Tracing a performance issue on my web server

Managing my various web sites can be difficult at times, and my experience the other weekend was no different. My day started normally enough, as I logged onto my VPS and installed the latest security patches, then set to work on uploading new photos to my site. It was then I noticed my web site was taking minutes to load pages, not seconds, so I started to dig into the cause.

Server statistics logged by New Relic

My initial setup

After I moved from shared web hosting, my collection of websites had been running on a $5 / month VPS from Digital Ocean – for that I got 1 CPU, 512 MB of RAM, and 20 GB of disk space. On top of that I used an out-of-the-box Ubuntu image, and installed Apache for the web server and MySQL for the database server.

I then installed a number of separate WordPress instances for my blogs, a few copies of Zenphoto to drive my different photo galleries, and then a mishmash of custom code for a number of other side projects. All of that is exposed via four different domain names, all of which sit behind the CloudFlare CDN to reduce the load on my server.

With some many web sites running on just 512 MB of RAM, performance was an issue! My first fix was to setup a 1 GB swap file to give some breathing room, which did stabilise the situation, but MySQL would still crash every few days when the server ran out of memory.

Swapping out Apache for the much less memory intensive Nginx web server is one way to fix the issue, but I didn’t have time for that. My solution – cron jobs to check the status of my server and restart the services as required!

The first script I came up with checked if the MySQL service was running, and start it up if it wasn’t.

service mysql status| grep 'mysql start/running' > /dev/null 2>&1
if [ $? != 0 ]
SUBJECT="MySQL service restarted $(date)"
service mysql status|mail -s "$SUBJECT" [email protected]
sudo service mysql start

My second attempt negated the need for the first script, as it checked to see how much memory was free on my server, and restarted Apache if it was less than a given threshold.

#Minimum available memory limit, MB

available=$(free -m|awk '/^Swap:/{print $4}')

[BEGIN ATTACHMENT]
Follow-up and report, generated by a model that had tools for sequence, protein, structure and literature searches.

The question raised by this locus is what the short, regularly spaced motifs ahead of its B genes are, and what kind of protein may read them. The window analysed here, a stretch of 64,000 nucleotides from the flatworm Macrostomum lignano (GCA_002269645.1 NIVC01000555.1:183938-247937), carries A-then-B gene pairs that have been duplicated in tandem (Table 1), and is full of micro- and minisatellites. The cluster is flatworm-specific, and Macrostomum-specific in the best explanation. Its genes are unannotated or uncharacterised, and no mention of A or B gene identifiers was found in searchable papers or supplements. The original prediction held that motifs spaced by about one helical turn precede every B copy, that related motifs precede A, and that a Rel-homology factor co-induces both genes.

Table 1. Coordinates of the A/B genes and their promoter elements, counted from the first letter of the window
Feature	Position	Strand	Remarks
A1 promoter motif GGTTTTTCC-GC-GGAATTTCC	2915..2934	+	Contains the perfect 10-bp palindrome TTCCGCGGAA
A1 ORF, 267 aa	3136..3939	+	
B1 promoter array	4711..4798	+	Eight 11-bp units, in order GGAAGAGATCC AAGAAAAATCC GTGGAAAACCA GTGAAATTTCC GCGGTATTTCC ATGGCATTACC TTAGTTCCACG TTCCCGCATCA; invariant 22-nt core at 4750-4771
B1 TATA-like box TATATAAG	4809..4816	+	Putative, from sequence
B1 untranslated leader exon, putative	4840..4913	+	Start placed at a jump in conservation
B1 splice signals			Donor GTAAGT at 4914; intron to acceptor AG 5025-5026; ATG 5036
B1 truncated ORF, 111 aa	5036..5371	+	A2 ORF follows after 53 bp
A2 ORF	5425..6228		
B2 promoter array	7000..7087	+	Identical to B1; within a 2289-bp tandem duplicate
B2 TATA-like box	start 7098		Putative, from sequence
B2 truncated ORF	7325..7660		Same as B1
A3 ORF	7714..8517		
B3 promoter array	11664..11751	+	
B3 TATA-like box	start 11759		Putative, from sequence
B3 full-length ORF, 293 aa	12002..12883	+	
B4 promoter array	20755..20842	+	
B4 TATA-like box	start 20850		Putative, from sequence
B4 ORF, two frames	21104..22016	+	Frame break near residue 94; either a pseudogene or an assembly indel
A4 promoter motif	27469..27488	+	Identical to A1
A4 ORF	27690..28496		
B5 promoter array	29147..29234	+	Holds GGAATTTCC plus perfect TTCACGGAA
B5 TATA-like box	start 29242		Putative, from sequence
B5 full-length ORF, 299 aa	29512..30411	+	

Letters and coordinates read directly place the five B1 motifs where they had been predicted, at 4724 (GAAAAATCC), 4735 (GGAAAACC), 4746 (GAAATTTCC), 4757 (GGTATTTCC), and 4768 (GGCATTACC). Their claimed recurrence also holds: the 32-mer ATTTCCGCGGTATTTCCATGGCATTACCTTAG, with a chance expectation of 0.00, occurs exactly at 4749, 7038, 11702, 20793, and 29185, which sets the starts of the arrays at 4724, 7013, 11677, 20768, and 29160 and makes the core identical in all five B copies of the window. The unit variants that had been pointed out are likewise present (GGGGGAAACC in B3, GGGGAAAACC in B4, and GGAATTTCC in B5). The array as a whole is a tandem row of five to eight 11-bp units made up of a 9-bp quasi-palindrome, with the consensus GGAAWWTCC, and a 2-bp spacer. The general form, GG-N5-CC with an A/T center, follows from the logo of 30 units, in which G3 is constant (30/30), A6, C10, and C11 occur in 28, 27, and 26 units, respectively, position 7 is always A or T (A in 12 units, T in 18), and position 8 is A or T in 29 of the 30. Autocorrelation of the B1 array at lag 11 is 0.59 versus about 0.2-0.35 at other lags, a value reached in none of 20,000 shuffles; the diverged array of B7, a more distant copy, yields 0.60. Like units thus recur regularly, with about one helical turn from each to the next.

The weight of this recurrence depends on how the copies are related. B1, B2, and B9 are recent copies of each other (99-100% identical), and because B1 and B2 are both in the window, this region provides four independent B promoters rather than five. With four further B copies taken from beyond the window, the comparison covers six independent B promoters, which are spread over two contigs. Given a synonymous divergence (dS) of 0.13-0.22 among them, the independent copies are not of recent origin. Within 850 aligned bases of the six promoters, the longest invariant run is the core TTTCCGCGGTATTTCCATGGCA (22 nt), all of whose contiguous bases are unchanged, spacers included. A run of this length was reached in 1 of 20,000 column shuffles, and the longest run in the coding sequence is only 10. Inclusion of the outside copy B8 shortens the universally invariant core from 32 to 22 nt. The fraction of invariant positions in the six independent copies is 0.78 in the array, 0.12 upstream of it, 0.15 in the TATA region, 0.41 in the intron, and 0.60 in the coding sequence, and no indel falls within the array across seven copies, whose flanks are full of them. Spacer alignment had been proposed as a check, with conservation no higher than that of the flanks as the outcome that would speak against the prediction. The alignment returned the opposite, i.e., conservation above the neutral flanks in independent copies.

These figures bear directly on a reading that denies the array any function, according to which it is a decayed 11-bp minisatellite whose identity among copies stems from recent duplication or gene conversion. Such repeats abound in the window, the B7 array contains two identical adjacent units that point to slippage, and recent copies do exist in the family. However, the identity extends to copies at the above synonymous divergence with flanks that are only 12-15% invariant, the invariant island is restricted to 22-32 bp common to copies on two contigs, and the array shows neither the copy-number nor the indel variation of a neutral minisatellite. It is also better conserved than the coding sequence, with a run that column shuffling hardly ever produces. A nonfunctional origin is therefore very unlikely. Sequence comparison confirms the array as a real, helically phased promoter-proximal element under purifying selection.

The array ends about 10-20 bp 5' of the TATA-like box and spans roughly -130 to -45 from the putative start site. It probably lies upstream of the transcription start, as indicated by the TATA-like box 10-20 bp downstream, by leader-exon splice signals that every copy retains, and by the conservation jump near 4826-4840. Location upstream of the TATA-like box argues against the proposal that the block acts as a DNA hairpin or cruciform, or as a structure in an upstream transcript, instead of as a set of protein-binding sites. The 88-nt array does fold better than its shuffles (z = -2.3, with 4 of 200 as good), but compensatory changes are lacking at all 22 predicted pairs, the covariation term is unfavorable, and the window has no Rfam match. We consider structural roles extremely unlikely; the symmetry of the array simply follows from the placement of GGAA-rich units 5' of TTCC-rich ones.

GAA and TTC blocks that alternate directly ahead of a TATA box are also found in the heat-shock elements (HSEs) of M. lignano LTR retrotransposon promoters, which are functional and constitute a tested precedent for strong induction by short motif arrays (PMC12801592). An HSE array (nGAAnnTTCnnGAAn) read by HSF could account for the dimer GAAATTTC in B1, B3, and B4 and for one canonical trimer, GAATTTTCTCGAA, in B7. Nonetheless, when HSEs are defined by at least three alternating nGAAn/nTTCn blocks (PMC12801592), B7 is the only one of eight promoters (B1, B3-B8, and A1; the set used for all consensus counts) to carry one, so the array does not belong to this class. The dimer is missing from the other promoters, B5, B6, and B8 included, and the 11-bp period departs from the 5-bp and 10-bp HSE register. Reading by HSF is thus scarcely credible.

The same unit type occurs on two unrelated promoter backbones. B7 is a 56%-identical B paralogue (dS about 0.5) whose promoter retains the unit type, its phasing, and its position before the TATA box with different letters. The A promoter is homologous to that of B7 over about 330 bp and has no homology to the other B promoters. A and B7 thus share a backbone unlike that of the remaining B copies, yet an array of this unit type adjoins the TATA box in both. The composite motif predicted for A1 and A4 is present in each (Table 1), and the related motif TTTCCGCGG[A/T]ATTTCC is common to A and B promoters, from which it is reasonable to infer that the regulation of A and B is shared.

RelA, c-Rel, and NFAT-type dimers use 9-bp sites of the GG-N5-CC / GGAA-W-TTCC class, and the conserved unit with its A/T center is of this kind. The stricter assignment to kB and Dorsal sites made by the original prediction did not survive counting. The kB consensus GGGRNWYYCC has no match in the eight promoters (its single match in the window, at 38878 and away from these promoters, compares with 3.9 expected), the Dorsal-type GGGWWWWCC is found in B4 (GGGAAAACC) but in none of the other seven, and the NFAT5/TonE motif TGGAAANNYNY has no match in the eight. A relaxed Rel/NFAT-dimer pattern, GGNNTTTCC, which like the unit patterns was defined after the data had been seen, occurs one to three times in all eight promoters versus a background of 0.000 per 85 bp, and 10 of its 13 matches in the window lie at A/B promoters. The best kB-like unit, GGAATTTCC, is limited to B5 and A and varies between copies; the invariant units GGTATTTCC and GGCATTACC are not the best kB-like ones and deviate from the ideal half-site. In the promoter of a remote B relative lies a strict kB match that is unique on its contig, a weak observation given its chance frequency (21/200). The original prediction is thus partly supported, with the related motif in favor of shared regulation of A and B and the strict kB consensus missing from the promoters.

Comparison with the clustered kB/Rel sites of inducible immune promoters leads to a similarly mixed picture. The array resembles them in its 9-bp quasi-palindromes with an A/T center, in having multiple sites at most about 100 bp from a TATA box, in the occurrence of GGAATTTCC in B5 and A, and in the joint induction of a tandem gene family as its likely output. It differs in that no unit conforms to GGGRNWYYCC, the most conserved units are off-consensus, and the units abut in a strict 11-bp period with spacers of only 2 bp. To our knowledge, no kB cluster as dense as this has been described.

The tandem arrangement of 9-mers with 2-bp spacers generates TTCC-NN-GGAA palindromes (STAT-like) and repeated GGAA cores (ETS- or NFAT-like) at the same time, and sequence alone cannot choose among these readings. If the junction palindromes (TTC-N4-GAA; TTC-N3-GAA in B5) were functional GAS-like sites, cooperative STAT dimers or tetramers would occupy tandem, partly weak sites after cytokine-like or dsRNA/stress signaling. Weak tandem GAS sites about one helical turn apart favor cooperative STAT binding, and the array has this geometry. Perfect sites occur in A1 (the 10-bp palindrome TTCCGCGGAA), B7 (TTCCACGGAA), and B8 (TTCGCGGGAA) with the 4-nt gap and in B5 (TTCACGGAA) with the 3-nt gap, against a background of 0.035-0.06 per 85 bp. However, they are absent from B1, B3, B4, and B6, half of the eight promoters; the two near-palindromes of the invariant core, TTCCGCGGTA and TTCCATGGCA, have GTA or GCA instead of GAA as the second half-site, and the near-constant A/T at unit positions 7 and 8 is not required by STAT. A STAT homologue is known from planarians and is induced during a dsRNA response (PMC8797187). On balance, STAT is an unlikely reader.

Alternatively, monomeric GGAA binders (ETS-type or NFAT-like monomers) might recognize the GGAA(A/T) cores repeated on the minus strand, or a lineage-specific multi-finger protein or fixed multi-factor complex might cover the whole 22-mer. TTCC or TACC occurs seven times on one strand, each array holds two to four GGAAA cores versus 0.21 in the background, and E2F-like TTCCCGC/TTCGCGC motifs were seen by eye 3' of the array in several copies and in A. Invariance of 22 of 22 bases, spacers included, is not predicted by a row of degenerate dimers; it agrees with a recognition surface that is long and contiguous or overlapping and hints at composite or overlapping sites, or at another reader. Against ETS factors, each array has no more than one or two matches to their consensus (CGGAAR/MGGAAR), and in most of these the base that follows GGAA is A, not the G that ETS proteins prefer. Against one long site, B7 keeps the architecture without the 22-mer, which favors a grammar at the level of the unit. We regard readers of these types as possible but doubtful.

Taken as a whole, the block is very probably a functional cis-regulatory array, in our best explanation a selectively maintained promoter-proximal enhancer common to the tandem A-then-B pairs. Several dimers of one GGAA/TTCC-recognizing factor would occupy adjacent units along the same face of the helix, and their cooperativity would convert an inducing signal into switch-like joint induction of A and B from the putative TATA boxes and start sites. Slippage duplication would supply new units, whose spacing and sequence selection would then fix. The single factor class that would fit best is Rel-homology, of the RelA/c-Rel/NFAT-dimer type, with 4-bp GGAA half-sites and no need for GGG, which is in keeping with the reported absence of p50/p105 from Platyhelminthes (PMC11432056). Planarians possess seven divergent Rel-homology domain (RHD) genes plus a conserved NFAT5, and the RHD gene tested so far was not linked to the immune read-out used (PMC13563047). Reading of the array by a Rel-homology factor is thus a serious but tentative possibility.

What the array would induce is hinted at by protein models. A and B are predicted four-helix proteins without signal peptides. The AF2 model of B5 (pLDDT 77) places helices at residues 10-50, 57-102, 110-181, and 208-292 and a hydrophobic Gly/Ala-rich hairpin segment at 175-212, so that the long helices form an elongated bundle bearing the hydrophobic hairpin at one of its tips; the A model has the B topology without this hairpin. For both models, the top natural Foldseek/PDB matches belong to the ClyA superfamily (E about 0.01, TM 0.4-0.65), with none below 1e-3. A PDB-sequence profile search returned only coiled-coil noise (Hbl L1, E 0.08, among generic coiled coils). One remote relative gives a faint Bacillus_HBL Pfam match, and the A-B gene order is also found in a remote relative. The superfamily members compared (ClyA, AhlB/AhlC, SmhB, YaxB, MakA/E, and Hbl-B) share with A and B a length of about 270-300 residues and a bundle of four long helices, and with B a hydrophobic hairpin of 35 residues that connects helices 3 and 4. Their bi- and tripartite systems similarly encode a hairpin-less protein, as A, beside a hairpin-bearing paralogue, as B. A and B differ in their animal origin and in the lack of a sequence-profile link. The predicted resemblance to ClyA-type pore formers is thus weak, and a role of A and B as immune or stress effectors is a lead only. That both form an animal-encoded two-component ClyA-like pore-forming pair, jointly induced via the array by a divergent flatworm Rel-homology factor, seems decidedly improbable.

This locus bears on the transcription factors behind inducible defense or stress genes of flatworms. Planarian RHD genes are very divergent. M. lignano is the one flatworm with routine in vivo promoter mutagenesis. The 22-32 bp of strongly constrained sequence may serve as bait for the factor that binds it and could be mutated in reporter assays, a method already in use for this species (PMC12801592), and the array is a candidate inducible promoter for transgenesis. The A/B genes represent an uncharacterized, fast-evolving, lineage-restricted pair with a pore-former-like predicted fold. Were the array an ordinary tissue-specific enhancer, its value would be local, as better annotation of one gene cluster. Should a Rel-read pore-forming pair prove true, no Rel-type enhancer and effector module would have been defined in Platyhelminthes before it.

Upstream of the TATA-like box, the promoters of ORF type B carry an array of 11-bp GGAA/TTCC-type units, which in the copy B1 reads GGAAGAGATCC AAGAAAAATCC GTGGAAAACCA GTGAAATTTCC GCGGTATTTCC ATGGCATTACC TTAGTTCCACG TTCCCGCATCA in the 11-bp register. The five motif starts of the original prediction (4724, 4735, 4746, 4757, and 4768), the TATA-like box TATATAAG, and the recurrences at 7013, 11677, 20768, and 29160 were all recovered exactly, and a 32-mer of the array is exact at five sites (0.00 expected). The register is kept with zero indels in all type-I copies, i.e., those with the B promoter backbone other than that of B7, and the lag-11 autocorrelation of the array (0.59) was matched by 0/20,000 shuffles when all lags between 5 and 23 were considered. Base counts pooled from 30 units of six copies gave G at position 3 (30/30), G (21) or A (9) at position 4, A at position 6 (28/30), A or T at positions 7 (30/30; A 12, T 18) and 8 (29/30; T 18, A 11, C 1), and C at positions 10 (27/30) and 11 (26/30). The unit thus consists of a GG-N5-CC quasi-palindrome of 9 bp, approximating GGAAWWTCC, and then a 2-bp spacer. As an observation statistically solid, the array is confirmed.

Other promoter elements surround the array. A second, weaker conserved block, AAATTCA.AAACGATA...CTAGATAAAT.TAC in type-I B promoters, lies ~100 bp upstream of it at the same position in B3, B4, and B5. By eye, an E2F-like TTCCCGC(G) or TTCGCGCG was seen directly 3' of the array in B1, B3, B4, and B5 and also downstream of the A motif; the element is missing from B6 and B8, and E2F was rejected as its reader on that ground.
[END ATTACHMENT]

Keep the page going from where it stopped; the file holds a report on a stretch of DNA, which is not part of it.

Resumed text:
if [ $available -lt $THRESHOLD ]
SUBJECT="Apache service restarted $(date)"
service apache2 status|mail -s "$SUBJECT" [email protected]
sudo service apache2 restart

Under normal load my cron job would restart Apache every day or so, but it did keep the database server up for the rest of the time.

Something is not right

After realising my web site was taking minutes to load pages, not seconds, I started to dig into my server logs. CPU load was hitting 100%, as was memory consumption, and my cron job was restarting Apache every few minutes – something wasn’t quite right!

My first avenue of investigation was Google Analytics – I wanted to find out if the spike in load was due to a flood of new traffic. While the Slashdot effect is a nice problem to have, but in my case it wasn’t to be – incoming traffic was normal.

I then took a look at my Apache access logs – they are split up by virtual host, so I had a number of log files to check out. The first suspicious entries I found were brute force attacks on my WordPress login pages – blocking those was simple, but the server load was still high.

Spending my way out

When looking to upgrade a system to handle more traffic, there are two completely different ways to go about it:

  • Be smart and optimise what you already have, to do more with the same resources
  • Throw more resources at the problem, and just ignore the cause

My server was already nearing the 20 GB disk space limitation set by Digital Ocean on their $5 / month VPS, so I figured an upgrade to next size VPS might fix my problem. Upgrading a Digital Ocean ‘droplet’ is simple job with their ‘Fast-Resize’ functionality – it takes about a minute, but in my case the option wasn’t available – I had to do it the hard way:

  1. shut down my server,
  2. create a snapshot of the stopped virtual machine,
  3. spin up a new Digital Ocean server,
  4. restore my snapshot to the new server,
  5. point CloudFlare from my old server IP address to the new one.